Magnolia Home Entertainment
Available Oct. 30, List Price $26.98
In their plans for occupation no less than their assertion that Iraq had weapons of mass destruction, the Bush Administration poobahs were misled by cockeyed optimism. Or is hubris the word? The shock-and-awe attack plan knocked out electricity plants that took months to restore. Disbanding the Iraqi army (free weapons, anyone?) and barring any Ba'athist party member from a job in the new government guaranteed looting, chaos and the anti-U.S. insurgency. Sages from the military and the State Dept. peppered the White House with helpful ideas and got slapped down for their troubles. When State submitted a bulky analysis of the Iraq occupation, one rueful officer notes, the President didn't even read the one-page summary.
Ferguson, a scholar and think-tanker, lays out the evidence in interviews with a couple dozen soldiers and statesmen. He replaces Michael Moore's rhetorical flourishes and comic timing with a timeline of the misjudgments. Clearly, soberly, he shows how we got there; the title suggests we'll be there for a while, whatever the locals want. Rephrasing Colin Powell's Pottery Barn rule, an Iraqi man says, "When someone creates this problem, they have to fix it or they have to leave. They shouldn't leave it like this. Clean it up or get out." Good luck trying to do either.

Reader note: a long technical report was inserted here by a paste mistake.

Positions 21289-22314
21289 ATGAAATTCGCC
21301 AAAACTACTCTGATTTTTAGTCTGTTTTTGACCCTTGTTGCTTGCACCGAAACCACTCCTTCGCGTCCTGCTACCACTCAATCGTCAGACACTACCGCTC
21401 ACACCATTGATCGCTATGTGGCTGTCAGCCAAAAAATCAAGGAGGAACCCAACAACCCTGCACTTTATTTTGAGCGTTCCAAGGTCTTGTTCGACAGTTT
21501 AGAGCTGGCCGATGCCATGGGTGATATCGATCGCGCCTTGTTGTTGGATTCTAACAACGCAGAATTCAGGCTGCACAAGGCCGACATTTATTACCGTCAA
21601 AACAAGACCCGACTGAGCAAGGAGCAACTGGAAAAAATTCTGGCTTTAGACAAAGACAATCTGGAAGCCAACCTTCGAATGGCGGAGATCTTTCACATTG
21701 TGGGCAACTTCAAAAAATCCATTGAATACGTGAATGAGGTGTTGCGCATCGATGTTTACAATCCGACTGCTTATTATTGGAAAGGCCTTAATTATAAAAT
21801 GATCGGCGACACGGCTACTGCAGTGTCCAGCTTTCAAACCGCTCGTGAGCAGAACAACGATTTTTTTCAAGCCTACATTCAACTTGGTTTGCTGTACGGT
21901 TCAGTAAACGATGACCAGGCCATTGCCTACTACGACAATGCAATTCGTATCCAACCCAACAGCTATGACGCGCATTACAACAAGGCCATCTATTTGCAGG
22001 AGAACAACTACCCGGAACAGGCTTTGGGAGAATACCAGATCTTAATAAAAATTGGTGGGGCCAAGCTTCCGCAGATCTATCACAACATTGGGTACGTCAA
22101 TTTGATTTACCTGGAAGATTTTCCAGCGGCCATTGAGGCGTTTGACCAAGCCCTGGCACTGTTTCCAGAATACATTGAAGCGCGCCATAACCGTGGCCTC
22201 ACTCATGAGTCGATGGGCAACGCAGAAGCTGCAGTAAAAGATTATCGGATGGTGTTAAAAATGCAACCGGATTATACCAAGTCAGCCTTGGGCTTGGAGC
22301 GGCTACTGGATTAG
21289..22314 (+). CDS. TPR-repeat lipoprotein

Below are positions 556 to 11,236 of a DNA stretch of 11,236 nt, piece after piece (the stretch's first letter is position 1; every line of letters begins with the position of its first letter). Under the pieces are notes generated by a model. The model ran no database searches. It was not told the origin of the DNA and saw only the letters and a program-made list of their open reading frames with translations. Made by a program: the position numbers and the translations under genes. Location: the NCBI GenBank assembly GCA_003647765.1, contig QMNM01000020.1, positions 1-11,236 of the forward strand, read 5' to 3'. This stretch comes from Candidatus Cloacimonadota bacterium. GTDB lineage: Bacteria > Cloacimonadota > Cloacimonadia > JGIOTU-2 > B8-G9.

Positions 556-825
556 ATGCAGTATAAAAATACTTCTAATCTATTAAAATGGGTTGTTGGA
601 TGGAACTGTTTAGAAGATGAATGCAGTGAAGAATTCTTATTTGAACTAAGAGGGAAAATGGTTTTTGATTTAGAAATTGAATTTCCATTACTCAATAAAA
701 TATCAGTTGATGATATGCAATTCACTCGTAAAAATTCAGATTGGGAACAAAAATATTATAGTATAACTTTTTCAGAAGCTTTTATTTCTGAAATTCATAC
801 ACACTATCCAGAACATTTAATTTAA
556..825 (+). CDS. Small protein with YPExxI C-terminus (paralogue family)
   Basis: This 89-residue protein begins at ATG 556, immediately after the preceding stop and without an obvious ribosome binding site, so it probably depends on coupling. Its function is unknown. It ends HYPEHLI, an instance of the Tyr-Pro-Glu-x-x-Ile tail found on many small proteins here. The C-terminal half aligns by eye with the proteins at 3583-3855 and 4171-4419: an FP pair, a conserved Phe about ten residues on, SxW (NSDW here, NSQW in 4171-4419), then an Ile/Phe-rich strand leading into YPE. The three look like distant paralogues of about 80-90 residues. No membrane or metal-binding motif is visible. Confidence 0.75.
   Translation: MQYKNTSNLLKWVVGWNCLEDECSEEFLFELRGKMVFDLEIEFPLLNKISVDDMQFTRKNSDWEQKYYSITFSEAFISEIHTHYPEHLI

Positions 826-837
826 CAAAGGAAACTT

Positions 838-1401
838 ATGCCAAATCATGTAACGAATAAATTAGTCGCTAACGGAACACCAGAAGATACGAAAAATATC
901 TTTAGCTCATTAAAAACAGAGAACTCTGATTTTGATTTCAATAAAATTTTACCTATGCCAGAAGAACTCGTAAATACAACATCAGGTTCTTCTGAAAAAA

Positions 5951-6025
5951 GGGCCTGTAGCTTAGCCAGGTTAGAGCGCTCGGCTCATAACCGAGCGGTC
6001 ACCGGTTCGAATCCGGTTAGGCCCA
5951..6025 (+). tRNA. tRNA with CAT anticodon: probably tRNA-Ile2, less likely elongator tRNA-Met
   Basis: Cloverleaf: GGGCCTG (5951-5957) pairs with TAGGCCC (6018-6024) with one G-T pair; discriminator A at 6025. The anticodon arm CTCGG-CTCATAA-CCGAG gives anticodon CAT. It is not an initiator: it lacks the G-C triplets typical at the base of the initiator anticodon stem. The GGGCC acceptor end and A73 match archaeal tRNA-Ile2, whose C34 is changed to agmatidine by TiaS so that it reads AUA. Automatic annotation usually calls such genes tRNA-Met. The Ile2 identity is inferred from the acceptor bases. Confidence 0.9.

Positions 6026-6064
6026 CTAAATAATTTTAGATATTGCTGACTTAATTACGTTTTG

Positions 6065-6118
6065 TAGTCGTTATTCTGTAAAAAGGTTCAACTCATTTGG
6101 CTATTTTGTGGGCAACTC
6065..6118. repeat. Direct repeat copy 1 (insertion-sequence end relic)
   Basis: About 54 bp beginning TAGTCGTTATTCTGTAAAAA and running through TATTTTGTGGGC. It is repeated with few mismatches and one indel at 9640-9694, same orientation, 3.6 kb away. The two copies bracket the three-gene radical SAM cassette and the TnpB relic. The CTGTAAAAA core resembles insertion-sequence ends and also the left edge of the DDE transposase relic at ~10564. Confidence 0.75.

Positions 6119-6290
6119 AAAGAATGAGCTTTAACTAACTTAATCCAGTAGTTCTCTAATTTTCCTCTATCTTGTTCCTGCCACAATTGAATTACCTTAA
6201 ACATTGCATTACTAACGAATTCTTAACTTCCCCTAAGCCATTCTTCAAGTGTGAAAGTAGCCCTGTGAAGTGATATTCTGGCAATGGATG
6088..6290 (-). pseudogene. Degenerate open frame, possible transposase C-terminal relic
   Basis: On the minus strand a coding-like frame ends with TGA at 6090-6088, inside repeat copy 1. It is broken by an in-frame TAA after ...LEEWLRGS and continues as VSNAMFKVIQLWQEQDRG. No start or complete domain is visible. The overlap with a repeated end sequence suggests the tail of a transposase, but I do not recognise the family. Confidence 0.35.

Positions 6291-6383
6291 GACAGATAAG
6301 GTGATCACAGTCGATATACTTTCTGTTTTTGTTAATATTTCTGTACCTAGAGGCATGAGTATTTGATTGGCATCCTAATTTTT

The architects of the Iraq catastrophe declined to speak to Ferguson. Why should they spill their beans for free? They'll get multimillion dollar book deals instead of Nuremberg trials. But if they can't be forced to watch this impartial indictment, other Americans should be urged to. Think of No End in sight as the year-end's best gift a most instructive, enlightening stocking-stuffer.